A new, freely available platform helps non-experts use artificial intelligence to analyze microscopy images. The platform has been developed at Åbo Akademi University in Finland and Instituto Gulbenkian de Ciência, Portugal, and will be of big help in research and diagnostics using modern day microscopes.
Software using artificial intelligence, AI, is revolutionizing how microscopy images are analyzed. For instance, AI can be used to detect features in images (i.e., tumours in biopsy samples) or improve the quality of images by removing unwanted noise. However, non-experts continue to find AI technologies difficult to use.
In the article "Democratising deep learning for microscopy with ZeroCostDL4Mic", published in Nature Communications on 15 April 2021, researchers describe a platform called ZeroCostDL4Mic, which makes these AI technologies accessible to everyone.
"The key novelty is that ZeroCostDL4Mic runs in the cloud for free and does not require users to have any coding experience or advanced computational skills. Effectively, it runs on any computer that has a web browser," says Guillaume Jacquemet, Senior Researcher in Cell Biology at Åbo Akademi University.
Over the last 400 years, microscopes have allowed mankind to observe objects that are otherwise too small to be seen with the naked eye. Today, microscopy is a leading technology used worldwide to perform not only research but also diagnostics.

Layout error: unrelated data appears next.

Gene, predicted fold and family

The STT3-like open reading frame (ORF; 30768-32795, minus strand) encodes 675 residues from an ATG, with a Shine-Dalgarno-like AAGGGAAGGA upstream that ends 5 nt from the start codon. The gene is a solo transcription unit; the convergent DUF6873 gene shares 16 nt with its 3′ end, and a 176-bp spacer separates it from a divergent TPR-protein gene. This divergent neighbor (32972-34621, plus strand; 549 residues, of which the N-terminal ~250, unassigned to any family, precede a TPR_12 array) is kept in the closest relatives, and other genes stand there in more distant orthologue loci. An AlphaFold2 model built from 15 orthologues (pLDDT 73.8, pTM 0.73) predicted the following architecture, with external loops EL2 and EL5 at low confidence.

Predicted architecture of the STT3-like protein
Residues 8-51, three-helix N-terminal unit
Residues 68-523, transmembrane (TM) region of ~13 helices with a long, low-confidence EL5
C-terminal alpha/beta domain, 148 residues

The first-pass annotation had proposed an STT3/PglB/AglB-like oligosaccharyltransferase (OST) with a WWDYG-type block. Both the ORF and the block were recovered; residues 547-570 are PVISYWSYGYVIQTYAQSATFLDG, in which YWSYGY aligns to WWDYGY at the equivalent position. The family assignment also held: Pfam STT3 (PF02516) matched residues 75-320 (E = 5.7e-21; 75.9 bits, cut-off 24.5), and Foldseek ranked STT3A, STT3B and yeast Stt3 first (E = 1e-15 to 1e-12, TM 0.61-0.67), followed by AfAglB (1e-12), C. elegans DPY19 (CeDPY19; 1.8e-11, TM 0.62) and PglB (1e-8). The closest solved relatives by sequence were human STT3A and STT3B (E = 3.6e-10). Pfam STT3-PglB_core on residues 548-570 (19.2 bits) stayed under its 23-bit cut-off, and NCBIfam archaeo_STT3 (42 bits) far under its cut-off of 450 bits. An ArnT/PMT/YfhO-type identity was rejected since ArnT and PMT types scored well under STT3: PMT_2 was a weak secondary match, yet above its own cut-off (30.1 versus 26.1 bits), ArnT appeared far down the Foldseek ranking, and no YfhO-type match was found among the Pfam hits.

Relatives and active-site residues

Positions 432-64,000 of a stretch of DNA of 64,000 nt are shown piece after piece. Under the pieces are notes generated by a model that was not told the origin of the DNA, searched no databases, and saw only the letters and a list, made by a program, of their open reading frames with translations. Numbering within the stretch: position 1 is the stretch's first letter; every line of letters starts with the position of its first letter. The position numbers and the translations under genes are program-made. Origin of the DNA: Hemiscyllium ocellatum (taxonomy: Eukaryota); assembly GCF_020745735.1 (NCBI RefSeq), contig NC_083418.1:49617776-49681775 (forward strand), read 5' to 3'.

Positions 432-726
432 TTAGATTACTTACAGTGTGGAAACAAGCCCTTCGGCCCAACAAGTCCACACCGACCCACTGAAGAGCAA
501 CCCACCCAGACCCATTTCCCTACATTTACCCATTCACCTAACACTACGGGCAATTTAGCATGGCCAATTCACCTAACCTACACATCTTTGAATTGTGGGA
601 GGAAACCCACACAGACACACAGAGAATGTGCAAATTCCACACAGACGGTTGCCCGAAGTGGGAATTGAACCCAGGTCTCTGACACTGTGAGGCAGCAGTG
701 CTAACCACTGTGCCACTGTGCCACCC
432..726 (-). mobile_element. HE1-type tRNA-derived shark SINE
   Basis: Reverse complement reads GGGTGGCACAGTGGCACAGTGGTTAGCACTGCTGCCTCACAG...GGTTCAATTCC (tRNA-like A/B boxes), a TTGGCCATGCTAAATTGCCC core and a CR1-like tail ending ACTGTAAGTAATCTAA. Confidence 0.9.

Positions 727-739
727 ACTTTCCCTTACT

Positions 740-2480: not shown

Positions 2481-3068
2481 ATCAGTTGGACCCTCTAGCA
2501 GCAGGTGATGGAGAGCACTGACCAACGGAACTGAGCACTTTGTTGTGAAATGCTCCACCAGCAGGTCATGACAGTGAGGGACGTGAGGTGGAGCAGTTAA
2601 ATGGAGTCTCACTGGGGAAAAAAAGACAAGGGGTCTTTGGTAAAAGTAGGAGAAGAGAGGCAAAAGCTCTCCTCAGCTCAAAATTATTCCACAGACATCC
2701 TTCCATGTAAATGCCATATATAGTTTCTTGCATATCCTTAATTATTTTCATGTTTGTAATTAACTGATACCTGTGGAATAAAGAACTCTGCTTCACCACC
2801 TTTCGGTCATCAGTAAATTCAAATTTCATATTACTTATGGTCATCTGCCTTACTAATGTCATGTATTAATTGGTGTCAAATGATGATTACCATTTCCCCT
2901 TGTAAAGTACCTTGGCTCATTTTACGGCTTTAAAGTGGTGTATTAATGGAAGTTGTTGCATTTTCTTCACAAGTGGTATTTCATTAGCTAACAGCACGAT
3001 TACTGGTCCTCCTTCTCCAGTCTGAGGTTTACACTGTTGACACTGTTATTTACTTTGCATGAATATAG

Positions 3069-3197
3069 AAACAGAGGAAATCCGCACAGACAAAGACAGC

Modern microscopes are directly connected to digital cameras, leading to the acquisition of hundreds to thousands of images per sample. These images need to be processed on a computer to gain meaningful data, which is a huge undertaking.
To help with the number of images, Jacquemet and his colleagues have used AI to train a machine to do the work. In practice, ZeroCostDL4Mic is a collection of self-explanatory notebooks for Google Colab, featuring an easy-to-use graphical user interface.
"We believe that ZeroCostDL4Mic will acts as 'a gateway drug' for AI, luring users to explore these new technologies that will transform biomedical research and diagnostics in the decades to come," says Jacquemet.
The development of the ZeroCostDL4Mic platform was coordinated by Guillaume Jacquemet's (Åbo Akademi University, Turku, Finland) and Ricardo Henriques' laboratories (Instituto Gulbenkian de Ciência, Oeiras, Portugal). It involved a large international consortium encompassing 12 laboratories, spread across nine countries and two continents.
von Chamier, L., et al. (2021) Democratising deep learning for microscopy with ZeroCostDL4Mic. Nature Communications. doi.org/10.1038/s41467-021-22518-0.